Is Plasma Renin Activity a Biomarker for the Prediction of Renal and Cardiovascular Outcomes in Treated Hypertensive Patients? Observations From the Anglo-Scandinavian Cardiac Outcomes Trial (ASCOT)

Study Questions:

What is the relationship between cardiovascular (CV) and renal outcomes and all-cause mortality with baseline measurements of plasma renin activity (PRA) among hypertensive adults randomized in the ASCOT trial?

Methods:

In the United Kingdom and Ireland, ASCOT included 9,098 hypertensive adults randomized to either calcium channel blocker (CCB)- or beta-blocker (BB)-based treatment. Four thousand eight hundred and fifty-three patients with total cholesterol ≤6.5 mmol/L (250 mg/L) were further randomized to atorvastatin or placebo. Over 5.5 years, there were 399 CV events (fatal coronary heart disease [CHD], nonfatal myocardial infarction [MI], coronary revascularization, and fatal and nonfatal stroke), 96 cases of new-onset renal impairment, and 220 deaths. Cases were age, sex, and ethnicity-matched with 1,525 controls. Conditional logistic regression models were used to evaluate the association between CV events, renal impairment, all-cause mortality, and PRA.

Results:

For those on antihypertensive (AHT) treatment at the baseline (91.5%), PRA was influenced by prior drug treatment. The median (interquartile range; ng/ml/h) levels were 1.04 (0.52, 1.3) for BBs, 1.30 (0.78, 2.72) for CCBs, 1.56 (0.91, 3.50) for diuretics, and 2.33 (1.30, 5.57) for angiotensin-converting enzyme inhibitors or angiotensin-receptor blockers. Odds ratios (ORs) and 95% confidence intervals (CIs) for CV and other events were estimated for 1-standard deviation increase in log-transformed PRA levels and by categorizing PRA into quartiles with the lowest as the referent category. Baseline PRA did not predict CV events in models adjusted for baseline characteristics (OR, 0.92; CI, 0.81-1.06; p = 0.25) and for pre-randomized AHT treatment (OR, 0.91; CI, 0.79-1.04; p = 0.17) and was not associated with all-cause mortality (OR, 1.12; CI, 0.92-1.37; p = 0.25) and OR, 1.06 (CI, 0.91-1.24; p = 0.46) in the fully adjusted model. Baseline levels of PRA were positively, but nonsignificantly associated with the development of renal impairment in models adjusted for baseline characteristics (OR, 1.39; CI, 0.97-1.97; p = 0.07), and also for pre-randomized AHT treatment (OR, 1.35; CI, 0.95-1.94; p = 0.10). Quartile analyses, however, demonstrated a significant positive association of higher levels of PRA with the development of impaired renal function (p = 0.03 and 0.05 in adjusted models, respectively) compared with the lowest quartile.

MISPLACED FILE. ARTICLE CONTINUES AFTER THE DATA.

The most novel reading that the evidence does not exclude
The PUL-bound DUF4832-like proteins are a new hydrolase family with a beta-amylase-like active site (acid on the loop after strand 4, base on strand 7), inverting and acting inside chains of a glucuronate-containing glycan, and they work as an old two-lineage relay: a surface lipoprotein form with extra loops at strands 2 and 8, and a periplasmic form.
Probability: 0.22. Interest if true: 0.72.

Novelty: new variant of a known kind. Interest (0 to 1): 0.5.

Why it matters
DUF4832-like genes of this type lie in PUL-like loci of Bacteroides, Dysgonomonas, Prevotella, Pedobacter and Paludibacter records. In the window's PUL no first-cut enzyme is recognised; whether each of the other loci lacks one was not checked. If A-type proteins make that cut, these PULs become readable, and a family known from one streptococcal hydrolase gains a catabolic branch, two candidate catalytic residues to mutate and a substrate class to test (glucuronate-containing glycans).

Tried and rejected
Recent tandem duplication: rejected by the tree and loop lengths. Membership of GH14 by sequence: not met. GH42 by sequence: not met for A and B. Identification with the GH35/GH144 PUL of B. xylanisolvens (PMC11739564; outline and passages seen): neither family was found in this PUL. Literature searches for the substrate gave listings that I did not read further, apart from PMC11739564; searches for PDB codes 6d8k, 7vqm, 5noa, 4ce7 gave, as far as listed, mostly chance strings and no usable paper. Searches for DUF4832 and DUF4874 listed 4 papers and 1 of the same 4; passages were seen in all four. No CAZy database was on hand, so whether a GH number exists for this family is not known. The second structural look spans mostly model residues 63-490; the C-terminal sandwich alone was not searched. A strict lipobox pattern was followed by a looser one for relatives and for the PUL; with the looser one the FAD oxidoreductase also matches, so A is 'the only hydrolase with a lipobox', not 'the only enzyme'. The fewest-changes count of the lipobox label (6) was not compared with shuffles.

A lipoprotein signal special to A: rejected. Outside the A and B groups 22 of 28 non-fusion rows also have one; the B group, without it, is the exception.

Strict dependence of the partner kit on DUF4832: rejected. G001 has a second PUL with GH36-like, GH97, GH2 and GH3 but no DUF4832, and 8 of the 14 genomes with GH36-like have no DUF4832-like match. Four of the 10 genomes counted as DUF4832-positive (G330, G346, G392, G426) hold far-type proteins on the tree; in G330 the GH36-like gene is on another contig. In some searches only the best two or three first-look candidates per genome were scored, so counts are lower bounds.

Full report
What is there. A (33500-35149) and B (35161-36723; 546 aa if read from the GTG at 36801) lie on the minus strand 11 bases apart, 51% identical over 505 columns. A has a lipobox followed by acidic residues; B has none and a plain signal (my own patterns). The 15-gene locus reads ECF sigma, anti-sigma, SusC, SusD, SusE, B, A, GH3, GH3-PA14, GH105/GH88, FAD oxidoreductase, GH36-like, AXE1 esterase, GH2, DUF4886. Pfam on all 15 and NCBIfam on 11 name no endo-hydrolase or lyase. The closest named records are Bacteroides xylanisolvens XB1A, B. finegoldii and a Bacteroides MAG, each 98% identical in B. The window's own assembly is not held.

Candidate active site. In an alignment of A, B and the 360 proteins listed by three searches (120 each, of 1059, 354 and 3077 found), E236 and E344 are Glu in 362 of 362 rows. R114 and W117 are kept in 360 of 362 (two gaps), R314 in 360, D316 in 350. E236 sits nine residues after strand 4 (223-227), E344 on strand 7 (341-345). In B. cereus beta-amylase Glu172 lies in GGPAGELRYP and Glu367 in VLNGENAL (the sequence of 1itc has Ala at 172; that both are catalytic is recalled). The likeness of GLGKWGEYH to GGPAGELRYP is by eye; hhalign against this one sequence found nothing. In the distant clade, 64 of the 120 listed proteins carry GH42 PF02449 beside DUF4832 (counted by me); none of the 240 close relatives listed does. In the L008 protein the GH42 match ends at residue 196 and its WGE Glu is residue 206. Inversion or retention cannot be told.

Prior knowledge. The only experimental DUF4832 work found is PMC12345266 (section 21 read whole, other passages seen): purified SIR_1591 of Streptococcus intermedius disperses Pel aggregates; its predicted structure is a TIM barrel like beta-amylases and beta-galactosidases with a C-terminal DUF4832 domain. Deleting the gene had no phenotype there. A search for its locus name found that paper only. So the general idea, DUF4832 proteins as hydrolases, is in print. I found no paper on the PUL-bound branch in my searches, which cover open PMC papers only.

Conclusions:

The authors concluded that their analyses do not support the use of PRA to predict future CV events or all-cause mortality in treated hypertensive patients without diagnosed CHD.

Perspective:

The current study reports that in a large subgroup of hypertensive subjects with no pre-existing CV disease, PRA at the baseline was not a predictor of the subsequent development of future CV events, either MI, stroke, or heart failure. However, in models adjusted for associated baseline characteristics, there was a positive association of PRA with the subsequent development of renal impairment, which achieved statistical significance in trend analyses. However, given the profound effects that prior AHT drugs have on PRA levels and the uncertainty with which such treatments may confound the use of PRA as a potential biomarker for CV and renal outcomes, the association of PRA with renal impairment needs further prospective study.

Clinical Topics: Dyslipidemia, Heart Failure and Cardiomyopathies, Prevention, Lipid Metabolism, Nonstatins, Novel Agents, Statins, Acute Heart Failure, Heart Failure and Cardiac Biomarkers, Hypertension

Keywords: Uncertainty, Odds Ratio, Angiotensin Receptor Antagonists, Myocardial Infarction, Stroke, Great Britain, Renin, Diuretics, Coronary Disease, Heptanoic Acids, Ireland, Pyrroles, Cholesterol, Renal Insufficiency, Biological Markers, Heart Failure, Cardiovascular Diseases, Confidence Intervals, Hypertension, Logistic Models


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